As a retired orthopedic surgeon, former eventer and current para dressage competitor I would like to briefly address the current COVID-19 pandemic.
We in the equestrian community are truly fortunate to have had competitions restarted thanks to a number of former rules that have been temporarily changed in response to the halt in competitions and to adjust to future potential problems. It behooves all of us to contribute to viral spread reduction in order to avoid having all competitions halted again.
The good news is that unlike during the 1918 influenza pandemic, responsible for nearly 50 million deaths worldwide, we now have powerful antibiotics to address the bacterial complications of the virus and intensive care units with ventilators. Unfortunately, we not only lack a vaccine as well as proven effective antiviral treatment, but there are a number of “lessons” the 1918 flu taught us that today many individuals are not taking seriously.
The clear message from numerous public health experts and their organizations is that, in the absence of a vaccine or proven effective treatment, the best we can all do is to control the spread of the virus.
As of this writing, more than 200,000 have died in the U.S. from COVID-19. Although we all want to return to pre-pandemic competition, it is not safe to do things as we did previously. The USEF has been instrumental in producing an excellent COVID-19 toolkit, which applies to competitions and is available on the USEF website. Most importantly, there must be a communal sense of responsibility at all competitions as well as in our everyday lives.
Currently, the best we can all do as trainers, family members and competitors is to help modify viral spread. The best information we have at this time is to wear masks, socially distance, and sanitize our hands numerous times every day, as well as sanitizing those surfaces we touch, which also may have been touched by multiple other people. (At a horse show this includes things like gate and stall door latches, port-a-potty door handles, and the handle at the water spigot).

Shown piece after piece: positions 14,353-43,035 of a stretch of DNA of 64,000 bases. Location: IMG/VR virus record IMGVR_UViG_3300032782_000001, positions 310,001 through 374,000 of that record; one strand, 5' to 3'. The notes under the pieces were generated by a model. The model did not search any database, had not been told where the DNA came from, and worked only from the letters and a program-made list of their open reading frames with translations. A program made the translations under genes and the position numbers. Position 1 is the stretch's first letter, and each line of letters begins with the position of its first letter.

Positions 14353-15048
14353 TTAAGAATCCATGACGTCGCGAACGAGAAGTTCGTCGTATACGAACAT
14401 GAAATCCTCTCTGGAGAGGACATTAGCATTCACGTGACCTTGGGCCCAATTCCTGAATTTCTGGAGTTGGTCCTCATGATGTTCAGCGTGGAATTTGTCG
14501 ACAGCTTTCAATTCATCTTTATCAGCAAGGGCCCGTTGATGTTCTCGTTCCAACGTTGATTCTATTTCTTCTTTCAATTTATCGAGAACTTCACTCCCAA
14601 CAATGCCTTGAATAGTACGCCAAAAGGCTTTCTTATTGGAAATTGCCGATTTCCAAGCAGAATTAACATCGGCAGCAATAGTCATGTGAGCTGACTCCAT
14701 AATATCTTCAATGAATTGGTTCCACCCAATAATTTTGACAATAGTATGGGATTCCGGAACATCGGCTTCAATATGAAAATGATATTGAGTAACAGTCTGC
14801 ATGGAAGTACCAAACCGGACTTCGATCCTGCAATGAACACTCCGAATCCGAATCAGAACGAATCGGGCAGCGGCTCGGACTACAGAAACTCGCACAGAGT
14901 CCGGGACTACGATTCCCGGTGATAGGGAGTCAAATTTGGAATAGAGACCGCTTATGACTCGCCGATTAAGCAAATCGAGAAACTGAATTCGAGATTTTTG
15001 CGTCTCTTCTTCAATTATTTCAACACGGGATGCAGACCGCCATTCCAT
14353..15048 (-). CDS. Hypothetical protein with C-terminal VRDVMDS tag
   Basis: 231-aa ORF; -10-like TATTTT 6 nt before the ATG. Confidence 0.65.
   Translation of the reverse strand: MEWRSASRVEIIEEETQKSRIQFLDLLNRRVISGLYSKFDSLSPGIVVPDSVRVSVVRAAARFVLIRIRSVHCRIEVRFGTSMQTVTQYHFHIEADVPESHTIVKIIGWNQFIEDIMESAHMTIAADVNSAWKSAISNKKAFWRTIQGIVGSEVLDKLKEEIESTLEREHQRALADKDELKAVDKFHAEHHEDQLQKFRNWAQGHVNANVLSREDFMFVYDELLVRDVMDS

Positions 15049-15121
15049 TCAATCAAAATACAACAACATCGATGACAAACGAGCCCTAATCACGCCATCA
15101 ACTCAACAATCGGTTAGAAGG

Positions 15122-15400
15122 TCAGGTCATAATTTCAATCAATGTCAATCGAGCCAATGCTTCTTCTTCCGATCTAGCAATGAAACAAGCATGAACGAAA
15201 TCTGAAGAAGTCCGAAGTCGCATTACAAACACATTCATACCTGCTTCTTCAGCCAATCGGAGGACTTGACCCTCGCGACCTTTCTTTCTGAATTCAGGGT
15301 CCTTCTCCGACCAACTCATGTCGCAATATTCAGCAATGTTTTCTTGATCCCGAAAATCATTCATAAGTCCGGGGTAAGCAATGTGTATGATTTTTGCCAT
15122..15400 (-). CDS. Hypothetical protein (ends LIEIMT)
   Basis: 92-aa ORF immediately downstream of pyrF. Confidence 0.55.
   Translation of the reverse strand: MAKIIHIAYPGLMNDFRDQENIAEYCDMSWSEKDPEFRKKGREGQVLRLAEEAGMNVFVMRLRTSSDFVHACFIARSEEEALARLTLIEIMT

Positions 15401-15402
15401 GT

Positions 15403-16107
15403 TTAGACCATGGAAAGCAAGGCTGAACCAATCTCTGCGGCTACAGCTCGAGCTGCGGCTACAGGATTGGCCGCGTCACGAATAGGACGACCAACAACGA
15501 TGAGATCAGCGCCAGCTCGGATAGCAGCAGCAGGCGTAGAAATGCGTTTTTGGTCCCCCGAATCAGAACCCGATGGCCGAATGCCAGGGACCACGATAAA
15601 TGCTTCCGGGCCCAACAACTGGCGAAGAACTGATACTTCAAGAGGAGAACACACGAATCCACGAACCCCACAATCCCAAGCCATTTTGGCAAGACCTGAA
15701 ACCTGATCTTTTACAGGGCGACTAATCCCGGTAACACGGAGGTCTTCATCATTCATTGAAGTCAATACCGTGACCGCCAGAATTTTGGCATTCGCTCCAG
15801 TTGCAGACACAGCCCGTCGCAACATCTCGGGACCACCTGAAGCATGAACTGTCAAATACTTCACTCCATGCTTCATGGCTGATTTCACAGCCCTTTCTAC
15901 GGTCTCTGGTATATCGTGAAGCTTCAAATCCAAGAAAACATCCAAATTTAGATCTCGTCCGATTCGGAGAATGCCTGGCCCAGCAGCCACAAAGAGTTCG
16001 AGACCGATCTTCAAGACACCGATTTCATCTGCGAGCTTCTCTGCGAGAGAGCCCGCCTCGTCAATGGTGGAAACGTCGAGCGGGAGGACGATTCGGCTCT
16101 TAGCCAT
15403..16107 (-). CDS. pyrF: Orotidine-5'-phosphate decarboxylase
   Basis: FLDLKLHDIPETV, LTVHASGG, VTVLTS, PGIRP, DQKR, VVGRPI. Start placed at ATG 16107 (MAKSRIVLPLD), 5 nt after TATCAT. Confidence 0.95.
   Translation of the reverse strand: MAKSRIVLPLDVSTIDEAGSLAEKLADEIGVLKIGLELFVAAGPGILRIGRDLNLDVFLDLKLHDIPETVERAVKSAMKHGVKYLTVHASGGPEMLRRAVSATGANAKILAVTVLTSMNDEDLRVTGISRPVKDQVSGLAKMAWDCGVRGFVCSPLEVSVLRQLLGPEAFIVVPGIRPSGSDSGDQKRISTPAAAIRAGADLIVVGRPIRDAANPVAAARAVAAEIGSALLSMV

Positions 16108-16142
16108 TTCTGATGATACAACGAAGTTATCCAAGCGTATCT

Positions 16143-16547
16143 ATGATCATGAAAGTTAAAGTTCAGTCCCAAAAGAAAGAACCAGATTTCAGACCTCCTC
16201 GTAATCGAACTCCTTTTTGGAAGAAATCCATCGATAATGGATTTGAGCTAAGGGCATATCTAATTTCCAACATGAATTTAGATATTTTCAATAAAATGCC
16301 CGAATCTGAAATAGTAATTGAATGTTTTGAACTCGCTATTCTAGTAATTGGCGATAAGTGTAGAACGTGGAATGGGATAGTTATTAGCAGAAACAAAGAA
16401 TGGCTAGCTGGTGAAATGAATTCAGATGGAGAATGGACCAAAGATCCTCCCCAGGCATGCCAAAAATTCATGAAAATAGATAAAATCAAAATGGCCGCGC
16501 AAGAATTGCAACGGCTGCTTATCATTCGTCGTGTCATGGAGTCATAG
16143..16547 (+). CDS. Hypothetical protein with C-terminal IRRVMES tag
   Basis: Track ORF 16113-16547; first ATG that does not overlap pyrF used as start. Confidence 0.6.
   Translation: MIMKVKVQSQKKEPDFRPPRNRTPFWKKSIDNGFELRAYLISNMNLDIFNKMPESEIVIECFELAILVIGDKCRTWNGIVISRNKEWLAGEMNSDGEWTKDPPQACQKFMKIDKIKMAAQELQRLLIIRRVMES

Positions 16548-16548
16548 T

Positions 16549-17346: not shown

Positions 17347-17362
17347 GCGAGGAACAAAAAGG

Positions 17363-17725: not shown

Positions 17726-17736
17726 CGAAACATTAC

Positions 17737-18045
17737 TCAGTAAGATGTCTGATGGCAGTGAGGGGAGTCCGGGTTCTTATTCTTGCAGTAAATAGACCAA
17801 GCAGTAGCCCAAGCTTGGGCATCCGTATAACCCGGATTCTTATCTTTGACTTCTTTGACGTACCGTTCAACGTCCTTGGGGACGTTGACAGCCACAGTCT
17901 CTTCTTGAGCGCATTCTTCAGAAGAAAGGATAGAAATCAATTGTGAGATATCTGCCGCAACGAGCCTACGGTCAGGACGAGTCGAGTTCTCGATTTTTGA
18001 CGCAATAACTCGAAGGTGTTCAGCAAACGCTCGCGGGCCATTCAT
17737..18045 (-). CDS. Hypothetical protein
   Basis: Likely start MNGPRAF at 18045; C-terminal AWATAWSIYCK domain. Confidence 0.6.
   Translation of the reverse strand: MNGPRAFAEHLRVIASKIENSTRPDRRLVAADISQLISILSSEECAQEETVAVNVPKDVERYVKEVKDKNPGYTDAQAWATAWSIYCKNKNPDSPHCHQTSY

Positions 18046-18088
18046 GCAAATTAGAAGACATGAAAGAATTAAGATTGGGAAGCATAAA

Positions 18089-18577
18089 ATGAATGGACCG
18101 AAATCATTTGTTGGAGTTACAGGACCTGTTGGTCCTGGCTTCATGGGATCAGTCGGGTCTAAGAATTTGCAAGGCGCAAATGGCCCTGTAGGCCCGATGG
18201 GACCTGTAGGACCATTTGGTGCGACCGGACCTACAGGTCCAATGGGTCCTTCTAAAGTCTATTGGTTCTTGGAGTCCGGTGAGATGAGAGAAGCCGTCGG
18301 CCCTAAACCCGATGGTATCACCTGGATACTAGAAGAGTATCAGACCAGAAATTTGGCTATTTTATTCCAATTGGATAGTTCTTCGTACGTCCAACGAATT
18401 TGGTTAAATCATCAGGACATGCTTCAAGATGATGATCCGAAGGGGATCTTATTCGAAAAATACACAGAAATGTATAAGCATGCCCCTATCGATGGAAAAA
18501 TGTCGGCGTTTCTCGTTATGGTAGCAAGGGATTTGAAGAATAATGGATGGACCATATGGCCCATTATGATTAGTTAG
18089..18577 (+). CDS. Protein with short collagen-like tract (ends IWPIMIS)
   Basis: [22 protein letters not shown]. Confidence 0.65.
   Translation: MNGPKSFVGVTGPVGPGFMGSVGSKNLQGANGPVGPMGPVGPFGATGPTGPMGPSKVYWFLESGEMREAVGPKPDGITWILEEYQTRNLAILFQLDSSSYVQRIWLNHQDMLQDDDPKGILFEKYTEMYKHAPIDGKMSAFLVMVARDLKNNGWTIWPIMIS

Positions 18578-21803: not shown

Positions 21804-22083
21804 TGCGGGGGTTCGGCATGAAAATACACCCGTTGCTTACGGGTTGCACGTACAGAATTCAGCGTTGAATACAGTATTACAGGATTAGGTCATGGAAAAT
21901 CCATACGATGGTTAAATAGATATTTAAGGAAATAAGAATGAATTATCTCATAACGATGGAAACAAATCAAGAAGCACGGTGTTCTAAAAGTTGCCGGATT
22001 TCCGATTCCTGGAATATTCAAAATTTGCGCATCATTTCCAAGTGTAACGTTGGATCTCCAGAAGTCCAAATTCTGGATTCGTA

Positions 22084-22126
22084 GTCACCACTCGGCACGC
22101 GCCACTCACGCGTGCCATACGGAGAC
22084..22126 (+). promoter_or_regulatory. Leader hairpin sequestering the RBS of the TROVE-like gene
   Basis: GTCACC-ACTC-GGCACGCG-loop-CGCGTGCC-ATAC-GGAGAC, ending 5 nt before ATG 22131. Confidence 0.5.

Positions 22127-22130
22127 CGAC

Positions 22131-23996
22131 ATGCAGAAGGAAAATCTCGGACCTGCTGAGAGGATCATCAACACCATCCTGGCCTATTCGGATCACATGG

When I returned to competition a couple of months ago, it was extremely concerning to me to have witnessed many people, without masks, crowded together and not practicing social separation. There were several picnic tables near one of the competition rings where six to eight people were seated shoulder to shoulder eating or observing the competition. In short, everyone seemed to be behaving as if life was normal and there was no pandemic.
I found it encouraging that only three weeks later, at the second schooling show at the same venue, behavior had drastically changed. Nearly everyone who was not mounted was wearing a mask. Even the sign-in area had a large sign reminding attendees that only one person at a time could register and all others needed to remain six feet back. The same picnic tables had a maximum of two people per table.
Personally, I can only address the problem in Charleston County, South Carolina and the state in general as I live here, and the numbers are rising steadily. Unfortunately increases in the infection rate seem to be related to relaxation of prior lockdown and the unwise assumption by some that this virus does not pose a potentially very serious problem or that some people are “immune” to infection. Additionally it is clear that viral infection can be asymptomatic such that an infected person is clinically well. These individuals are likely to unwittingly spread the virus amongst their peers.
It is clear from all the data that this is not exclusively a disease of the elderly or those otherwise medically compromised. There are certain medical conditions that apparently increase risk, and children seem less susceptible in general. However, it must be remembered that infections are seen in young, healthy individuals such as high school, collegiate and professional sports teams and even in elite athletes.
The equine community is not immune to the complications of COVID-19, and in order to protect ourselves and the sport we love, I encourage everyone to abide by the USEF guidelines and take precautions to keep the sport safe and functioning.